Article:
More support for regional opposition to APD
Caribbean countries opposed to Britain's controversial Air Passenger Duty (APD) have received support from international carriers and the World Travel &Tourism Council (WTTC) to get London to revisit the measure.
The WTTC said that new research shows that removing the APD would result in an additional 91,000 British jobs being created and £4.2 billion (US$6.5 billion) added to the economy within a year.
"Air Passenger Duty is a completely disproportionate tax on people's holidays and is hitting business travel hard. When the economy needs help, it is economically illogical to continue with a tax that costs the country some 91,000 jobs and as much as £4.2 billion," said WTTC president David Scowsill.
"This tax is damaging the economy at a crucial time and is having a negative effect on trade with countries in the Caribbean, Africa, and Asia. We urge the UK government to recognise the impact on the overall economy and reduce the Air Passenger Duty," he added.
The WTTC said that in the next 12 months the United Kingdom government will collect £2.8 billion in extra tax from air travellers, far more than any other country in the world.
On Monday, a number of leading international airlines, including British Airways, EasyJet, Ryanair and Virgin Atlantic, urged Chancellor of the Exchequer George Osborne to suspend the planned APD scheduled for April 1, pending the outcome of an independent study of the economic effects of such a tax rise.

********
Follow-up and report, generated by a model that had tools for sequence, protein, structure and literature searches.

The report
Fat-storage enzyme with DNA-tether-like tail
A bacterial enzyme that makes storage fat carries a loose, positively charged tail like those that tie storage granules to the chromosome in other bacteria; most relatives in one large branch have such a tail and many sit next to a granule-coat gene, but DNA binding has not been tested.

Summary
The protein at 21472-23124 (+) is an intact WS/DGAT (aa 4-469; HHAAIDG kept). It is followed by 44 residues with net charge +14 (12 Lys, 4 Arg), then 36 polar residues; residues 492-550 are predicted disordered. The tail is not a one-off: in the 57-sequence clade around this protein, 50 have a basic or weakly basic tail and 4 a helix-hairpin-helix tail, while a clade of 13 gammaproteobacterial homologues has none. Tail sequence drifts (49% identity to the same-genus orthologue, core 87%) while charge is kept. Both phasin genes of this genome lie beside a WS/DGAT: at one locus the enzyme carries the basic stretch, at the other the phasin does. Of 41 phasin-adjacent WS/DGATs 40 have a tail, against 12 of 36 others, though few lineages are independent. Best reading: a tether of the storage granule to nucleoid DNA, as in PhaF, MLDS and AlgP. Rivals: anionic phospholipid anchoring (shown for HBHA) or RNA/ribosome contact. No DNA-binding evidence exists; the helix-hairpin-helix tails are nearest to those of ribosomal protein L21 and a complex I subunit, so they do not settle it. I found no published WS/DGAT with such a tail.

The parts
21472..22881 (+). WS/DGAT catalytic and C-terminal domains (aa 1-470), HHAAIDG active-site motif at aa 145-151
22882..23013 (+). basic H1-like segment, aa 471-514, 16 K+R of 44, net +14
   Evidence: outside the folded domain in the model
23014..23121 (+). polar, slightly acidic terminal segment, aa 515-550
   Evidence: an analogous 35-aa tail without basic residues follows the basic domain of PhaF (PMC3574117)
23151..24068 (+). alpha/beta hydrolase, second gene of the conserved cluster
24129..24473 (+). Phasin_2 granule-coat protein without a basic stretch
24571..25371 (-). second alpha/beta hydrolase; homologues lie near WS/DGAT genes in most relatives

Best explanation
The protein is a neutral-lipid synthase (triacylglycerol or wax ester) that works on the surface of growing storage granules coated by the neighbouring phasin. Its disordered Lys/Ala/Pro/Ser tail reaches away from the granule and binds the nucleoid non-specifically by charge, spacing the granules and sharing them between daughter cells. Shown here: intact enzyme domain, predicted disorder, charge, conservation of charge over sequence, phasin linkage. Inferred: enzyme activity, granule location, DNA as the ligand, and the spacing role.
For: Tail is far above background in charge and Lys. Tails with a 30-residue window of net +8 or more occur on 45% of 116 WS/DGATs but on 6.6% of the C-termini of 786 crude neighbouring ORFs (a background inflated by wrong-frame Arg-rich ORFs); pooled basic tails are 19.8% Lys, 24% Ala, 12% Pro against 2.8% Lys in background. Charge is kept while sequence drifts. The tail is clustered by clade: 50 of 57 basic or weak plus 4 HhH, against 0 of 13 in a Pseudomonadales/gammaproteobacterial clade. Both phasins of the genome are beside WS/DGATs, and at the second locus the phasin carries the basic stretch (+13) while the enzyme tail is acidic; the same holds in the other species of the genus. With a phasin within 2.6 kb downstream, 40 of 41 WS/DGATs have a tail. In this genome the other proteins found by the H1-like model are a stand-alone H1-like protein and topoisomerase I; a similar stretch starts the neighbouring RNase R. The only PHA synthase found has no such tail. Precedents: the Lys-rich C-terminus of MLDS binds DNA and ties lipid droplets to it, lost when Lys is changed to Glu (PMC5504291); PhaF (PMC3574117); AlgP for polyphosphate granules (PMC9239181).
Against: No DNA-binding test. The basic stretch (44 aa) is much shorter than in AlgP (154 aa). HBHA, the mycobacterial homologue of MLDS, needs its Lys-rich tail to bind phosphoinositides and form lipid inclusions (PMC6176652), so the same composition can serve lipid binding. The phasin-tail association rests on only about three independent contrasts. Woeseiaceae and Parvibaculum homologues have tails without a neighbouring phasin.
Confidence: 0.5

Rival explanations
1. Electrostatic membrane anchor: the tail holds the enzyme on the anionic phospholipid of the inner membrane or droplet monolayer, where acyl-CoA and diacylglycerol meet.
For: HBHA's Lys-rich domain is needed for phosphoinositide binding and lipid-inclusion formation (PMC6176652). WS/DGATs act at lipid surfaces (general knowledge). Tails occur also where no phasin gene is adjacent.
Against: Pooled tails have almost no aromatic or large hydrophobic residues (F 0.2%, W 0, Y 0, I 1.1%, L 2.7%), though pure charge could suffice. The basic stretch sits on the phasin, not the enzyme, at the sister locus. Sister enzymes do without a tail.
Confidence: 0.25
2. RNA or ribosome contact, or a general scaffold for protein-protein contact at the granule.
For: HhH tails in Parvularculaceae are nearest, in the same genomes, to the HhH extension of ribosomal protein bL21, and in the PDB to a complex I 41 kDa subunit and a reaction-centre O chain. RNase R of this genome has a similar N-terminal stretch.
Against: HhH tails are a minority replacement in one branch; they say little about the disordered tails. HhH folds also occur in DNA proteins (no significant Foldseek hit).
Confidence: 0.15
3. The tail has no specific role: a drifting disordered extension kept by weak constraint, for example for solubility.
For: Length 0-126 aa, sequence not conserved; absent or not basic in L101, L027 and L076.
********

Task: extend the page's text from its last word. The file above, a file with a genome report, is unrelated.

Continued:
The airlines said that eight per cent increase will reduce passenger numbers and hinder the UK's economic recovery.
"We are confident such a study would show that APD's damage to economic activity outweighs the revenue obtained. It is irresponsible of the Treasury, if it is serious about pursuing economic growth, to keep piling on APD increases without conducting a study of this kind," the airlines said in a joint statement.
The airlines argue that the pending increases would mean that a family of four flying from the UK to the Caribbean would have to pay close to £400 (US$625.08) in taxes. In 2005, such a family would have paid a total of £80 (US$125.06) in taxes.
"These endless cumulative increases in APD are pricing families out of flying - both from and to the UK. That means fewer visitors to the UK, which destroys jobs in our tourism, aviation and hospitality industries - and chokes off opportunities for young people at a time of exceptional youth unemployment," the airlines added.
Caribbean countries as well as the Caribbean Tourism Organisation have been lobbying London to revise the fiscal measure.
Grenada's Tourism Minister Peter David described the measure as not only negative but discriminatory. "How can they impose the same measure for both the Caribbean and the United States?" he asked.
The APD, instituted in 1994, is a British environmental tax, aimed at offsetting aviation's carbon footprint. In its initial stage it was set at £5 (US$7.85) per person.